“In the spring of 1988, I returned to New Orleans, and as soon as I smelled the air, I knew I was home. It was rich, almost sweet, like the scent of jasmine and roses around our old courtyard. I walked the streets, savoring that long lost perfume.” ― Anne Rice, Interview with the Vampire
I was in New Orleans years ago to run a conference attended by 600 + people at one of the large hotels on Canal Street. It was my first time in the Big Easy and I remember looking with awe as the plane descended onto the view of the mighty Mississippi River.
Drawn to cities that have been around far longer than most, there was something so incredibly special about New Orleans that touched my spirit. I yearned to return and I finally did a couple of months ago. As I retraced my steps on Canal and Bourbon Streets, images of lacy ironwork adorning iconic architecture and memories of stirring jazz notes welcomed me back.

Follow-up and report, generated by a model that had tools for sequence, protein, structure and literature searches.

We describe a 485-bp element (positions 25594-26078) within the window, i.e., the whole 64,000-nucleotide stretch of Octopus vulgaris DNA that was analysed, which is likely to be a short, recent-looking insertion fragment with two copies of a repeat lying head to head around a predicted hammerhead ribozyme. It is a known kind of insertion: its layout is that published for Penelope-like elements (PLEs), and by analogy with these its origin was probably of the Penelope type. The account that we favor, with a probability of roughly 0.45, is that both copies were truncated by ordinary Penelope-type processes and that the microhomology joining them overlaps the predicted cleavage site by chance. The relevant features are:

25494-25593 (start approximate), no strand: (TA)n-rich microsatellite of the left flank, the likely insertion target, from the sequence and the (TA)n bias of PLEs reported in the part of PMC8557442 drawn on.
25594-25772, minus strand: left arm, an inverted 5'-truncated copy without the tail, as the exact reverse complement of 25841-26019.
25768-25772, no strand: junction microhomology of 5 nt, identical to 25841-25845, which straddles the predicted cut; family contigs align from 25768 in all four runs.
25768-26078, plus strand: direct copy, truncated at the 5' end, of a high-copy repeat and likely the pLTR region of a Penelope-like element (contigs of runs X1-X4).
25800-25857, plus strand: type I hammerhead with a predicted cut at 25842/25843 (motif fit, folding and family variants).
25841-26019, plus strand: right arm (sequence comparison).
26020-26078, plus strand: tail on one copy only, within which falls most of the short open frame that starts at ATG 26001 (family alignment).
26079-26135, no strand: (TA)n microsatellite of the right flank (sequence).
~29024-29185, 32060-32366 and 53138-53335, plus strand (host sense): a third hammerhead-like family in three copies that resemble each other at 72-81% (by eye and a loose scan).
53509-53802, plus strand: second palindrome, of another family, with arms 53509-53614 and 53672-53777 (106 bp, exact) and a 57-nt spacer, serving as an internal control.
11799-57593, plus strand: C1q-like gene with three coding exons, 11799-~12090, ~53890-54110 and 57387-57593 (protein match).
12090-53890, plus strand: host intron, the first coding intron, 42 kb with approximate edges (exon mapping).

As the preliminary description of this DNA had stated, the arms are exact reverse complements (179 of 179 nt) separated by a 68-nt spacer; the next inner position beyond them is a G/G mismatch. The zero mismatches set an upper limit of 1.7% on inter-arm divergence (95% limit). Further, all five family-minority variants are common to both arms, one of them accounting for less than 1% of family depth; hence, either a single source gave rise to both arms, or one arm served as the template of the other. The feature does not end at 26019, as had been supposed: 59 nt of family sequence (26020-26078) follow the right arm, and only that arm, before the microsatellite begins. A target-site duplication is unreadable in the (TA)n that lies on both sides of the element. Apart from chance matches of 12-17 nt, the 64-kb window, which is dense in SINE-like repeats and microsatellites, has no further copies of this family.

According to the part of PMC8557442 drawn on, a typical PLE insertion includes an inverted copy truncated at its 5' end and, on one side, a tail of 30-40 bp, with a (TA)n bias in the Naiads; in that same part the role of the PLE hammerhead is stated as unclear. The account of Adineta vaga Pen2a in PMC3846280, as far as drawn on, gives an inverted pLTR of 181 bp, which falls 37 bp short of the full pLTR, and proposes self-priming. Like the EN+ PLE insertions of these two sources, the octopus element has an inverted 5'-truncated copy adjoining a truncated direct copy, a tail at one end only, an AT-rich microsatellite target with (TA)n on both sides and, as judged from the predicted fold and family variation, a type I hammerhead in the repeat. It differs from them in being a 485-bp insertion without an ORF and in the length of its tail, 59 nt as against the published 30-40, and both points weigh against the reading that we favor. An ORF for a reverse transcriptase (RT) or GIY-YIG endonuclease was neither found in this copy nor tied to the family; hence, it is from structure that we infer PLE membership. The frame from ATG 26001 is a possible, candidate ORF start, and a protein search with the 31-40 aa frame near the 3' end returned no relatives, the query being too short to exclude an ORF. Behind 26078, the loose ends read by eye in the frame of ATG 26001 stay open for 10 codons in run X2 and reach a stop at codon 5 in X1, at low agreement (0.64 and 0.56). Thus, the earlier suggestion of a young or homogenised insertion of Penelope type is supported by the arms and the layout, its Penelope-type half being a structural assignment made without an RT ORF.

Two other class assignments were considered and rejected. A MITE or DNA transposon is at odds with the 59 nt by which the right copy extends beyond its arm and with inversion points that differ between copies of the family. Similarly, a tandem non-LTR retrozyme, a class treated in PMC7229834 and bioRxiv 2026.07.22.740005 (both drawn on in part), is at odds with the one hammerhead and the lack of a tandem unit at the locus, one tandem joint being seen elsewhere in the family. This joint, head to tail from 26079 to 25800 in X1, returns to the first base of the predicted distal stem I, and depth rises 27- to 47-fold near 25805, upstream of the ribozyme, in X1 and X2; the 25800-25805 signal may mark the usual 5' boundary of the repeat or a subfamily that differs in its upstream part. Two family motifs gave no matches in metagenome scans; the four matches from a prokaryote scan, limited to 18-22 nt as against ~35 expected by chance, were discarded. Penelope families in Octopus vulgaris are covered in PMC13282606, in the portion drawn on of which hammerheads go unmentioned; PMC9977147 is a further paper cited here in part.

My visit to New Orleans was a little less hurried this time and I was able to explore and savor what the French Quarter has to offer. With a cup of cappuccino warming my hands, I went on early morning walks along Canal Street to the river. In the evenings, I peered through the antique shops on Royal Street, walked down rowdy Bourbon Street to listen to music pouring out from jazz bars, watched the street performers, and browsed through the many shops including Marie Laveau’s House of Voodoo. At the famed Café du Monde, across historic Jackson Square and St. Louis Cathedral, I had beignets with cafe au lait. I was not sure if I could (or should) eat all three beignets but after one bite, I did not need further convincing. They were warm, soft, and delicious!
Beyond the French Quarter, I had some time to stroll along the lovely houses in the Garden District and walk through the gates of Lafayette Cemetery which is one of the oldest in the city.
I also managed to squeeze in a tour of both Laura and Oak Alley Plantations in Vacherie, Louisiana – an hour long drive from New Orleans. It is always fascinating to walk back in time to learn about people and places that contributed to the landscape of history.
|Oak Alley Plantation|
Great food, music, architecture, history – just to name a few – the magic of New Orleans lives and I plan to be back.